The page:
Category: Buyers, Developer, Landlords

Date posted: January 26, 2022

Author: Michael Hardy

Building & Contents Insurance – How Much Should it Cost? Thumbnail

Building & Contents Insurance – How Much Should it Cost?

Not something any of us want to spend too much time thinking about, but building insurance is a necessary evil, both for securing a mortgage and for protecting your new asset. Contents insurance comes as part of the package and although optional, we’d highly recommend you take it out in order to protect your personal possessions.

With the amount of equity tied up in property today, it pays to do a little research. You’ll want to be confident you’re with a reputable provider, have chosen the right level of cover and will be adequately compensated should the worst happen.

What is building and contents insurance?

  • Building insurance will cover you in the event of damage to the structure of your home, such as the walls, roof or floors, and frequently covers damage to fixtures and fittings too.  It is usually a condition of your mortgage to have it.
  • Contents insurance will cover you for loss or damage to personal possessions in the event of fire, theft, flooding and similar incidents. It will cover all your household items – anything not physically attached to the building – against the cost of loss or damage.

They can either be bought individually or together as a combined product. If you do need both buildings and contents insurance, we would advise buying them on a combined policy as it is more cost-effective and will make life easier if you need to submit a claim.

Do I need building and contents insurance?

Many people will need both buildings and contents insurance, but some may only need one type of cover.

  • If you’re a homeowner, you should have both. It is a prerequisite for most mortgages but also advisable where you’ll own a property outright. In the event of damage, the costs for repair or rebuilding can be eye-wateringly high.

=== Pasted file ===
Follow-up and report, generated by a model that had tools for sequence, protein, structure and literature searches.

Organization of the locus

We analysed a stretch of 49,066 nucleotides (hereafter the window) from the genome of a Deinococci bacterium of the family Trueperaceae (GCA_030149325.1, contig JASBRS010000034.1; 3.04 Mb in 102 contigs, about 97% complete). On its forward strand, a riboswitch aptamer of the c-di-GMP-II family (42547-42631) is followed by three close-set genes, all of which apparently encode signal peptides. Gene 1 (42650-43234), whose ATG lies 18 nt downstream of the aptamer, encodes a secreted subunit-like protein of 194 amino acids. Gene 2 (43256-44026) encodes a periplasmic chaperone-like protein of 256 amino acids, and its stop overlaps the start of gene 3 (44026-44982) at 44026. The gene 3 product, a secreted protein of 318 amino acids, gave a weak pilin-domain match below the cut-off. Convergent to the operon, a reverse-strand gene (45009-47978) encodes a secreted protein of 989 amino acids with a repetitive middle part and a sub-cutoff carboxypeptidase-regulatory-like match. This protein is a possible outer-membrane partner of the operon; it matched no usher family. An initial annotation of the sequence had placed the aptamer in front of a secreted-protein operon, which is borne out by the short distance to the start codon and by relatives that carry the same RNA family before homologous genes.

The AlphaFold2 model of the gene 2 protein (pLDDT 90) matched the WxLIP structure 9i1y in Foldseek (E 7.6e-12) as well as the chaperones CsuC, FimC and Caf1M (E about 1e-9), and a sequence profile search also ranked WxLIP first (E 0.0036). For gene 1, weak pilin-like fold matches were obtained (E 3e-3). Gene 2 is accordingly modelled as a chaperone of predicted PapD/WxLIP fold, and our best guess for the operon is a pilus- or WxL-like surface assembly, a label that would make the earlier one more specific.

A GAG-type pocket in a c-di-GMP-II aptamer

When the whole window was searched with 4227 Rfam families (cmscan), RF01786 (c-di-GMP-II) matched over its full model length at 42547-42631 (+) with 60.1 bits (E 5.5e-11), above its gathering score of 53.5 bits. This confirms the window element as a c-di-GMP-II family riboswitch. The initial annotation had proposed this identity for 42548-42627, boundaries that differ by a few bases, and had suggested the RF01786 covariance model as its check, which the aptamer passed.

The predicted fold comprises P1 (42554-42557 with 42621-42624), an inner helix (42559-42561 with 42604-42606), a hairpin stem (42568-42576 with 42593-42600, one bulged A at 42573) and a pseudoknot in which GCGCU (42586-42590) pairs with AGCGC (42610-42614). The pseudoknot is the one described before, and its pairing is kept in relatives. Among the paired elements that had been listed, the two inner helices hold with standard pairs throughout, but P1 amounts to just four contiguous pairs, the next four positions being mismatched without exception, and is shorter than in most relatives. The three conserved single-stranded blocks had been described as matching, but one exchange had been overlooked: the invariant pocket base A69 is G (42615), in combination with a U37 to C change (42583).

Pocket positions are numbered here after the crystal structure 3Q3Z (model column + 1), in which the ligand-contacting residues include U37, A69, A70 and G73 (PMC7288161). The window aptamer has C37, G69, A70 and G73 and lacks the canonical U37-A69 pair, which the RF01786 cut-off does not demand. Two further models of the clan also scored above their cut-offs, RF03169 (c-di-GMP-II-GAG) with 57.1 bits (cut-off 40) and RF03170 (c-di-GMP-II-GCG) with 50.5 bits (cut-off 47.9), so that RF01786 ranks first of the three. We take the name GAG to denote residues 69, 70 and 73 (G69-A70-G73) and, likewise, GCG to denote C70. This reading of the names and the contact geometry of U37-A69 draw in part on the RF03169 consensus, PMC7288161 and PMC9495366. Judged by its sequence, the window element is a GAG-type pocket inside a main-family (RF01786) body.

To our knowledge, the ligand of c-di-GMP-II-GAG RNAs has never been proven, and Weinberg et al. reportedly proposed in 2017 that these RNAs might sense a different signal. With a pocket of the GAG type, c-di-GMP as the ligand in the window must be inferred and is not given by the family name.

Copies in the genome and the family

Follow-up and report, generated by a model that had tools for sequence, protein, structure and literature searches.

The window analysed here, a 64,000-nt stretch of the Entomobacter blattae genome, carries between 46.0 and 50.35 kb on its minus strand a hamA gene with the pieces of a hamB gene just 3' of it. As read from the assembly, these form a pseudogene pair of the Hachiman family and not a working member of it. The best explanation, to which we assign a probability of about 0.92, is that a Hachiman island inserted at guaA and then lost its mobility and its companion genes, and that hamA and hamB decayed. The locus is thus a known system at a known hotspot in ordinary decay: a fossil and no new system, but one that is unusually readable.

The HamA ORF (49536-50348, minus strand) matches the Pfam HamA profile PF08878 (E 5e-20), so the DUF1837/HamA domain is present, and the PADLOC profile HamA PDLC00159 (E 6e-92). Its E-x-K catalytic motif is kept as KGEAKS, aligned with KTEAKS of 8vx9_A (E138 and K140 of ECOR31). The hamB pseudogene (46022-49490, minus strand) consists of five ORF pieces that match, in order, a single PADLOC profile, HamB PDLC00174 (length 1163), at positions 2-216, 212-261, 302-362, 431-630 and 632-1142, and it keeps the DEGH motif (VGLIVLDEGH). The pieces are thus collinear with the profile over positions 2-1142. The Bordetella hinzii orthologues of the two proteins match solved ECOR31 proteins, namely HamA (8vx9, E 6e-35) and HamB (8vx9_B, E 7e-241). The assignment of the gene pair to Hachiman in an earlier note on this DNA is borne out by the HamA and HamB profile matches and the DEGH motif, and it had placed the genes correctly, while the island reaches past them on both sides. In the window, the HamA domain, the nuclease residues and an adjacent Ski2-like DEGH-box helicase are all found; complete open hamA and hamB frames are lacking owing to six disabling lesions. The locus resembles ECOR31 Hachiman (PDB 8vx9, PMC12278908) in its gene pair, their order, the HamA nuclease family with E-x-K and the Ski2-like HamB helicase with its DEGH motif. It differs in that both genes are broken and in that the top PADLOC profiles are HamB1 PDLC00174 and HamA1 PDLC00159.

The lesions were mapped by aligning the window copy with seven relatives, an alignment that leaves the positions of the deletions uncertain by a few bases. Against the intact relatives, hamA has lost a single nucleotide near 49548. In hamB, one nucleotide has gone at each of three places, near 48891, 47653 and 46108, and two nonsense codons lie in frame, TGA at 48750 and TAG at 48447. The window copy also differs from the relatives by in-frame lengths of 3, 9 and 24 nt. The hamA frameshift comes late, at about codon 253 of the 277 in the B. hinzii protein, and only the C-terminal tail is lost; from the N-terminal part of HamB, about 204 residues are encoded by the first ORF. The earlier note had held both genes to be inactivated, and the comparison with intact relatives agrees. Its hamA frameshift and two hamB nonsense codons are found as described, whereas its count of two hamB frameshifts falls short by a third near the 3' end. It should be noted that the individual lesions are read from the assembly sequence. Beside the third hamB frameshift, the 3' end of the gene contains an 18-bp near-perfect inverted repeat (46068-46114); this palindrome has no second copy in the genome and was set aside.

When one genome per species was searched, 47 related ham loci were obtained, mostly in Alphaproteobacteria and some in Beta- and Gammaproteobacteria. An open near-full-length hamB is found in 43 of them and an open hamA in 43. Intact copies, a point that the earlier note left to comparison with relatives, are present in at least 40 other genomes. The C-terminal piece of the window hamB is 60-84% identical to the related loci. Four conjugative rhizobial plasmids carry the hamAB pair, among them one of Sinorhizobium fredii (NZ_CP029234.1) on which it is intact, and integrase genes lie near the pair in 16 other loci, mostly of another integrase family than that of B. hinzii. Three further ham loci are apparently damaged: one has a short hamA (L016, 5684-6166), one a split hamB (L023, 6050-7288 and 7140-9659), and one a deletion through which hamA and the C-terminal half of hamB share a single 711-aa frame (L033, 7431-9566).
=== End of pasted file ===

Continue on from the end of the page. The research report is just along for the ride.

• If you’re buying a leasehold flat, the building should already be insured by the freeholder but you may have to pay a contribution via your service charge.  If you do own part of the freehold with other leaseholders, you will jointly be responsible for taking out the building’s insurance.
  • If you’re a landlord, you might only need building insurance. You will only need to take out additional contents insurance if you are letting your property with furniture.

How much should it cost?

Building insurance

The premium you will pay for building insurance will depend on how much it costs to rebuild your property. Recent figures show that the cost of rebuilding a home in the UK has rocketed in the past few years and now stands at an average of £243,000. If your home is above average size (1,400 square feet) and/or contains premium features, you can expect to pay more to insure it.

Building contents insurance

Most insurers offer you three options for calculating the value of your possessions:

  • Bedroom rated’ – the insurer works out how much contents cover you need (the ‘sum insured’) based on the number of bedrooms you have. These policies typically provide between £40,000 and £50,000 of cover as standard.
  • ‘Sum insured’ – you (not the insurer) have to calculate the amount of cover that you need. Ideal if you have a lot of expensive items that will exceed the standard sum offered with the ‘bedroom rated’ method.
  • ‘Unlimited sum insured’ – all your contents are covered without limit, so you don’t have to worry about being under-insured.

To extend the level of cover you can pay to insure your items while abroad or you can list a particularly valuable item (such as an engagement ring) separately to make sure you will receive a full payout if stolen or lost.

There are so many variables at play that will affect your premium. These include factors such as whether you want basic level or unlimited cover, want to include accidental damage, and how much excess you are prepared to pay. Excess, i.e. the amount you must pay towards your claim, can comprise both compulsory and voluntary sums. Usually, when you increase the amount of excess you’re happy to pay, you will decrease your premiums.

The average combined cost paid by homeowners is now approximately £300/annum for a typical home where up to £50,000 worth of goods are covered.

Where to get building and contents insurance?

  • Comparison sites – make sure you look at a few and remember cheapest isn’t always best. More tips on using comparison sites
  • Go direct to the insurer, some of the most well-known firms do not feature on the comparison sites.
  • If your needs are complex (eg. you are a landlord with several properties to insure) it’s worth seeking the advice of an insurance broker.

Michael Hardy would be more than happy to advise which type of home insurance would be appropriate for your circumstances. Please do not hesitate to contact us on Wokingham 0118 9776 776 or Crowthorne 01344 779 999.

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